August 11, 2023

By Xari Jalil


“They took my brother away in the early hours of morning. For us that morning has turned to seven long years of waiting,” says Syed Hasan Ali Naqvi.

The disappearance – or rather ‘state abduction’ of his brother pushed Hasan to form the Shia Missing Persons’ Committee, based in Karachi. It has helped him network with other Shia families who have faced similar abductions by the state’s security agencies.

In the case of ‘Nomi’, a nickname for Hasan’s brother Aftab Ali Naqvi, he was picked up in the wee hours of February 25, 2016 at around 6:30 am.

“Around 20 vehicles, 35 motorbikes, and one double-door van all came outside our house in Hassan Colony, with officers in Rangers’ uniforms,” he said while speaking to “They did not bother with formalities of course. They just kicked our door down, woke up the entire family and roughly questioned all of us about my brother’s whereabouts. When they found him, they seized him and dragged him out. That was the last time he was seen.”

Hasan had just had his bypass in those days and was not well, but the very next day he started the search for his brother.

“When we went to lodge an FIR with the Gul Bahar police station, the police refused,” he said. “They said things like, ‘it must have been someone else who had been wearing the Rangers’ uniforms’, but didn’t file the FIR.” It took them one year of persistence with the police to have it filed.

“We tried to reach out to the CJP, the PM, the President…we filed a petition in the court…we have not received any information about my brother from anywhere. Instead, each time we have a sit-in, the ‘institutions’ reach out to me through our Shia ulema and lead me up the garden path, without giving any answers.”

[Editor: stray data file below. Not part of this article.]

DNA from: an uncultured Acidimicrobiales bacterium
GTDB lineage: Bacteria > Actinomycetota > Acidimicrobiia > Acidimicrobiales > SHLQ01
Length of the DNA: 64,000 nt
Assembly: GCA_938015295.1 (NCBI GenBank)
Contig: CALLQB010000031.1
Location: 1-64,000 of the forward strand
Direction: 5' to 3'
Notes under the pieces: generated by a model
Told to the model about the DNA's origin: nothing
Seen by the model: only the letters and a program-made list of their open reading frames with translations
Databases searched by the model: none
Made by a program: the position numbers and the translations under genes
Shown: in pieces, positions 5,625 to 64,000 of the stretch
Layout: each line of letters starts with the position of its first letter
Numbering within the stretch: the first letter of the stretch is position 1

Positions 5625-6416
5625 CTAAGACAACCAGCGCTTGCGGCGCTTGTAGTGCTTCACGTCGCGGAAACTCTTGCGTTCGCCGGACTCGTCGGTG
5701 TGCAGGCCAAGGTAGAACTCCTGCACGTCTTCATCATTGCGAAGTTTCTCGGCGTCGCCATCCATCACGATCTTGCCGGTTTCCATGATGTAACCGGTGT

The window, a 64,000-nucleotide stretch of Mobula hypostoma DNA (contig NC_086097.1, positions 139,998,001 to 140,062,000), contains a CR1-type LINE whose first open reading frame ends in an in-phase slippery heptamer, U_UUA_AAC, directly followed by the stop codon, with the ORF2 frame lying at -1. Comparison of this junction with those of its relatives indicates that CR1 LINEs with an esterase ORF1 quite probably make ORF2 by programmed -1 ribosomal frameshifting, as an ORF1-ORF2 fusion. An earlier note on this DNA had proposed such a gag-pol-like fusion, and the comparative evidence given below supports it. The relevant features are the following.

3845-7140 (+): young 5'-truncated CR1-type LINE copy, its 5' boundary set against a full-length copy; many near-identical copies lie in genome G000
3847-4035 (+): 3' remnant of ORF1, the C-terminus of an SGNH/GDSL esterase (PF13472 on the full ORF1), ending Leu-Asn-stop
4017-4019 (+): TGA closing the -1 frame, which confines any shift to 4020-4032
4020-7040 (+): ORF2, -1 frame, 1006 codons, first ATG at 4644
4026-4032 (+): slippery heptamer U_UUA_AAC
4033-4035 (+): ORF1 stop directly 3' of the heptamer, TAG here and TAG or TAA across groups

Emotional Toll

Aftab’s children have grown up without a father. His son was in grade three when he was picked up. Today he is in grade nine. His daughter is now in university.

“It is a huge emotional toll – almost the loss of one’s identity because of the loss of one’s relations with a loved one,” he said. “Do these children think of themselves as having a father who will return one day? Or are they now fatherless? Does his wife – and all other such wives – think of themselves as wives, or widows? Where exactly do they see themselves?”

And besides this, the everyday issues that arise are never-ending.

“From applying for a CNIC, to paying for their children’s school fees…these are huge problems for families when their breadwinner is gone,” he says. “We ask the state’s agencies, what is the crime? From the same house, we know seven to eight people have been killed only because they happen to be Shia. And they have no answers for us.”

Hasan says that there have been some people who have come back too, even after five or six years. But they have become mentally unstable, and they are in no condition to find and keep jobs. There have been terrifying accounts of being handcuffed to walls in dark underground cells. Some accounts emerged from when the floods came about and they described how the water had seeped into their cells, while they were blindfolded and handcuffed.

At the same time, no one is willing to help the families of the missing persons because they are scared of the backlash.

“There have been incidents when someone was picked up and beaten up just because they helped a missing person’s family out,” says Hasan. “This has discouraged others from intervening. Meanwhile, we have seen nothing emerge out of our court case.”

Through HRCP the family approached the COEID in Islamabad.